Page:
The United States is predicted to become a minority white country by the year 2045. Yet, the messaging in this nation is determined, shaped, and delivered by majority white executives and talent in the media and communications industry. ColorComm, a business community for women of color in communications, is hoping to diversify the field through its HBCU Fellows Program, by bringing more Black professionals into the pipeline.
“I went to Spelman College for undergrad and Georgetown for graduate school. My dad went to Prairie View University and my mother went to Howard. My grandparents also attended Howard University,” says Lauren Wesley Wilson, founder and CEO of ColorComm Incorporated. “And so I come from a long line of HBCU graduates and wanted to provide more opportunities for this special cohort of folks in the communications, marketing and advertising industry to increase diversity among all levels.”
Wilson explains that the entryway to a profession in communications is oftentimes internships and fellowships, but companies tend to frequent the same schools for recruiting, leaving HBCU students without the visibility needed to land roles at major media companies. “We wanted to widen the net a little bit,” Wilson says.
Currently there are more than a dozen HBCUs involved with recruiting for the fellowship program and it is open to all HBCU college juniors and seniors, or those who are one to three years post-graduate. “We want to provide opportunities for HBCU students and grads to have direct access to Fortune 500 companies and leading companies in the communications, marketing and advertising space,” Wilson adds.
In addition to the access, students of the year-long program are provided with the resources and skills to be successful. That includes mentorship and training from respected veterans in the media and communications industry as well as monthly meetings with other members of the group. Wilson notes that it’s a great way for attendees to start building their professional network, while getting face time with key decision makers.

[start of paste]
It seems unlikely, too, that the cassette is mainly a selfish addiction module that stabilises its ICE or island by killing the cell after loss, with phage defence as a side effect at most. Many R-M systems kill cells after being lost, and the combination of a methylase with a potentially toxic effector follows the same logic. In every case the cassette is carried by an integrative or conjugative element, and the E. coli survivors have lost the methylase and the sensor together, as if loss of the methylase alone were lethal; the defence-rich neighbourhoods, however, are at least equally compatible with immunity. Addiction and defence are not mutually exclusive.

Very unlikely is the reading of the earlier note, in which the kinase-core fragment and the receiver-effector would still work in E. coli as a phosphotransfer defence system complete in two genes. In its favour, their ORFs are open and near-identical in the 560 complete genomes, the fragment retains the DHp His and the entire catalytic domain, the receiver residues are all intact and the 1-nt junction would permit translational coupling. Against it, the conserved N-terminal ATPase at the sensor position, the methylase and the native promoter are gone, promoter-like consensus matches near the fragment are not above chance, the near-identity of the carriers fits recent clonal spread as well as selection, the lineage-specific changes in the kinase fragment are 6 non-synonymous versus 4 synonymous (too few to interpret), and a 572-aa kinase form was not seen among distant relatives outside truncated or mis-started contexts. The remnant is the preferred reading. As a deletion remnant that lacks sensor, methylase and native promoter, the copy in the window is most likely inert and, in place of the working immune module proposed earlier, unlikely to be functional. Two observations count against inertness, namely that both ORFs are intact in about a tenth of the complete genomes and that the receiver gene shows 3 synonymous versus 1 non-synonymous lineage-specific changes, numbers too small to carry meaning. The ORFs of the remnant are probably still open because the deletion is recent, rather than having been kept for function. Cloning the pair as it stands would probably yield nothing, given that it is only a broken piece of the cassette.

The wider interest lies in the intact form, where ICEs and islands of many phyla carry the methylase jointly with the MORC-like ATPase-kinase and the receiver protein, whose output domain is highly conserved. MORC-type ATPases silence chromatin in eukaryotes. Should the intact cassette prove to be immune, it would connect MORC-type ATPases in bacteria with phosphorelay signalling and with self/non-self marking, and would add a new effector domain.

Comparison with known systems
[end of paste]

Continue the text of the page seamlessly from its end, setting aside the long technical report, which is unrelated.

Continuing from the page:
The deadline to apply to the ColorComm’s 5th Annual NextGen HBCU Fellows Program, is January 27. Wilson says ColorComm is looking to include applicants who give back to their community through service and can articulate their goals. “Where do you see yourself a few years from now? What are you doing right now to get the training and resources that you need to better understand the career that you want to get into? Are you involved in clubs or organizations at your current college or institution? Are you being proactive, speaking up at conferences, virtual or in-person?” The answers to these questions are what Wilson says decision makers will be looking for when admitting the next 50/60 people to take part in the 2022 HBCU Fellows cohort.
“They don’t have to have all the answers figured out,” Wilson says, “but we want to see an application that shows that they’re headed in that direction.”